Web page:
And, yes, it's about Jackson and the vast majority of the roster being black and Lacob, president Rick Welts, general manager Bob Myers, assistant GM Kirk Lacob and Kerr being white.
"Guys are going to look at it from a race standpoint," the player said. "It shows what this was all about when they cut him as quick as they did. Guys question, 'Is this really about winning or is it about the way you want the place to look like?' "
The subject of race in the NBA has come to the forefront thanks to recorded comments by Clippers owner Donald Sterling that indicate he's fine with minorities working for him but not mingling socially with his personal assistant. While reviews comparing the NBA to Major League Baseball and the NFL generally earn the league high marks for diversity, it remains a point of contention for many players that rosters are 85 percent black while the rest of the league's other strata hold the reverse percentage.
Players far and wide were outraged by Sterling's remarks and the Clippers players turned their team-issued gear inside-out as a sign of protest before Game 4 of their series with the Warriors, but league sources say the Golden State team alone seriously discussed not playing the game.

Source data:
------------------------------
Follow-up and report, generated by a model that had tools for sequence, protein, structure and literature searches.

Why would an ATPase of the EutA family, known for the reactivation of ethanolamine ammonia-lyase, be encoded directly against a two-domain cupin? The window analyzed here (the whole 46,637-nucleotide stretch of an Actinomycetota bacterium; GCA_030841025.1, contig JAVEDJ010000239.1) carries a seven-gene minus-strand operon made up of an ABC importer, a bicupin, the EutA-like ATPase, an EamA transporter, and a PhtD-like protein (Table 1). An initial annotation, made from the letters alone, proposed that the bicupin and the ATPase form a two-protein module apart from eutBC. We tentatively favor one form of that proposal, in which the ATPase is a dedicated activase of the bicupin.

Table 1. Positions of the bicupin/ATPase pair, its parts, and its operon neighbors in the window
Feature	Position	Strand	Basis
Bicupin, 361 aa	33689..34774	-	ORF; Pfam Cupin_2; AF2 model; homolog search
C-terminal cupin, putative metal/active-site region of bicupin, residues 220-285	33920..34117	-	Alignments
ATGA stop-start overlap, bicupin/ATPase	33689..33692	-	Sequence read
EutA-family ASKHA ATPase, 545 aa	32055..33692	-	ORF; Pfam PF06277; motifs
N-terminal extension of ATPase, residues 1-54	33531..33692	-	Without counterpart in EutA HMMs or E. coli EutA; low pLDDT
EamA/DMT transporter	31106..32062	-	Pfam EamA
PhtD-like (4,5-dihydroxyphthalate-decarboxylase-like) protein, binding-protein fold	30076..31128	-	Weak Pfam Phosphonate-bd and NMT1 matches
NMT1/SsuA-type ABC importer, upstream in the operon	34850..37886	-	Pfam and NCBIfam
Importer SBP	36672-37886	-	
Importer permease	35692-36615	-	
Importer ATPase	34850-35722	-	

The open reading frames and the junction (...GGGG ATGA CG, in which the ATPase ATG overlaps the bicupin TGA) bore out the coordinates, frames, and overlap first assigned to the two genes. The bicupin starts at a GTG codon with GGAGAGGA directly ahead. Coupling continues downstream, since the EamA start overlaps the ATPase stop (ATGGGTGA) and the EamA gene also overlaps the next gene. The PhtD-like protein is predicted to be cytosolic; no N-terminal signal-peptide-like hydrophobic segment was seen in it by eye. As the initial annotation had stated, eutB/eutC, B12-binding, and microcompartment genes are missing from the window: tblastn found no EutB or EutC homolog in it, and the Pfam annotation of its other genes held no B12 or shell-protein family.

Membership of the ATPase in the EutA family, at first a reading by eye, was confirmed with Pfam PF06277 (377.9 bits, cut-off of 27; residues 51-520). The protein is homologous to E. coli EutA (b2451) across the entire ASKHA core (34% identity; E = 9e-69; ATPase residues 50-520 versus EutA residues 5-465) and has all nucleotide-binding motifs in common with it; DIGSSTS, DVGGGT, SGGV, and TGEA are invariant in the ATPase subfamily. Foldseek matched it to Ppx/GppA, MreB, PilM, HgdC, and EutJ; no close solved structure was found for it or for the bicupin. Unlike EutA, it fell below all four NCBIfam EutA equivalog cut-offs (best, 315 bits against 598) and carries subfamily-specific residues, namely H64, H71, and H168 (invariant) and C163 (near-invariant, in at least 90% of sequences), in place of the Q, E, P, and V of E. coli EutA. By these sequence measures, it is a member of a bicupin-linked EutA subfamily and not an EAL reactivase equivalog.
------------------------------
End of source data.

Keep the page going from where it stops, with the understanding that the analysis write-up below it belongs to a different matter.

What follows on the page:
Consider that a reflection of both how unified the Warriors are as a team and how strongly they feel about the upper ranks of the league harboring men who think as Sterling does.
Lacob, of course, gave Jackson his first job and hired Welts, the first openly gay executive in professional sports. Talk to the man, as I have, and there's no reason to believe he is prejudiced toward anything other than results that don't meet his lofty expectations.
But anyone able to have frank conversations with NBA players, as I have for more than two decades, knows that a vast majority believe there is an inherent aversion to coaches, administrators and players who are "too black." Whether it's the discomfort of being confronted by a different culture or a fear that it damages the league's marketability to mainstream, corporate (and mostly white) America, those players are convinced that discomfort/fear is behind the league's dress code, uniform and taunting rules and hiring practices.